Reeling From the Storm and Facing a New Danger: the Cold
By Michael Schwirtz New York Times November 4, 2012
With tens of thousands of residents left homeless after the devastation from last week’s storm, New York-area officials began focusing on Sunday on another weather-related factor that might make the problems even worse: colder weather that is moving into the region.
In New York, 20,000 to 40,000 people, many of them residents of public housing, will have to find homes, Mayor Michael R. Bloomberg said on Sunday. Earlier in the day, Mr. Bloomberg compared it to the situation after Hurricane Katrina in New Orleans, but he later seemed to temper his assessment after news that power had been restored in some of the hardest hit areas.
Still, he said, at least 20,000 people live in homes that were so severely damaged by the storm surge that they were uninhabitable. Relocating those residents, he said, will be a daunting task.
“We don’t have a lot of empty housing in this city,” he said at a news conference “We are not going to let anybody go sleeping in the streets or go without blankets, but it’s a challenge, and we’re working on that as fast as we can.”
Thousands of people in New Jersey, on Long Island and in Connecticut face a similar problem. “This is going to be a massive, massive housing problem,” Gov. Andrew M. Cuomo of New York said at a news conference with the mayor.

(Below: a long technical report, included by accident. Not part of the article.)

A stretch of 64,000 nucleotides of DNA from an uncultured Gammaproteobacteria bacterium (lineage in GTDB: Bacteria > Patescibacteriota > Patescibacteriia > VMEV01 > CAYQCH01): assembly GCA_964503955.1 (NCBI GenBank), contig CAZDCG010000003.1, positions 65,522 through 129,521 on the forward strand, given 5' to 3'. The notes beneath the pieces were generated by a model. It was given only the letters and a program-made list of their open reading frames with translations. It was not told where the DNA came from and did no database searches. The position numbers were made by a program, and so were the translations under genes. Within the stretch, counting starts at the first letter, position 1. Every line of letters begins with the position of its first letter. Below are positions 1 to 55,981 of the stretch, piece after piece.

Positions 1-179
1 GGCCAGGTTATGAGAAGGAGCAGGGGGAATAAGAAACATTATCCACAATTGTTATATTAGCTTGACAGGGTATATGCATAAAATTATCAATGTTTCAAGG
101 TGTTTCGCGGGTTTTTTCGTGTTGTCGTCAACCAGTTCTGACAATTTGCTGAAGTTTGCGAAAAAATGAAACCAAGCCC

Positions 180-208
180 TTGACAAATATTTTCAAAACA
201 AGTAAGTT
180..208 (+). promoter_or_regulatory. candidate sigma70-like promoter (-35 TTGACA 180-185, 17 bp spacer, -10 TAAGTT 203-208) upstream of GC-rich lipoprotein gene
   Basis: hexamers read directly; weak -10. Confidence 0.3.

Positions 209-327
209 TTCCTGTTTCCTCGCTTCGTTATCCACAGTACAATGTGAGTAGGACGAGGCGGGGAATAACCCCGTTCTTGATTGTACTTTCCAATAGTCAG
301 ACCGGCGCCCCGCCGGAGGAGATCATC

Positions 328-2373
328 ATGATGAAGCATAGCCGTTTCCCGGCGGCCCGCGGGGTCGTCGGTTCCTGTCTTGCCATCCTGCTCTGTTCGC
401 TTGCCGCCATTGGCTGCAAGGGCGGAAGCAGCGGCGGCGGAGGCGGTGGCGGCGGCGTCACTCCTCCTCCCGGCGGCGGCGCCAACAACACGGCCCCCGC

The Federal Emergency Management Agency announced Sunday that it would begin providing transitional housing to those who could not return to their homes. As of Sunday morning, 164,000 residents of Connecticut, New Jersey, and New York had applied for aid, and the agency had approved more than $137 million in financial assistance.
Mr. Bloomberg called the cold the most pressing challenge in the recovery. The city has opened heating shelters (http://www.nyc.gov/html/misc/html/2012/warming_ctr.html) and is passing out blankets to New Yorkers without electricity.
Temperatures throughout the region fell early Sunday into the 30s, and the National Weather Service issued a freeze watch for parts of New Jersey, including the coast, the scene of some of the worst damage. Officials have urged residents across the region to head to shelters.
“You can die from being cold,” Mr. Bloomberg said Sunday. “You can die from fires started from candles or stoves. Please go to the local disaster site. If you don’t know where to go, stop a cop on the side of the road and ask.”
Adding to the concerns, a northeaster could move in by midweek, forecasters said, hitting the already battered coastal areas with heavy winds and strong waves that could cause more flooding. Freezing temperatures are also expected.
Though the lights continued to flicker, including in some hard-hit regions like the Rockaways, Queens, on Sunday, more than 700,000 utility customers remained without power in New York State, including 404,000 on Long Island and 154,000 in New York City.
Nearly a million customers in New Jersey and 70,000 in Connecticut were also without power. But restoring electric service is only the first step. When the storm surge flooded homes along the coast, the ocean water destroyed boilers and water heaters.
Yet amid the despair, there has been an outpouring of good will. On Staten Island, in the Rockaways and in other regions pummeled by Hurricane Sandy, thousands of people, including runners who had expected to compete in the New York City Marathon, which was canceled late last week, have pitched in to haul away fallen trees and to distribute food and clothing.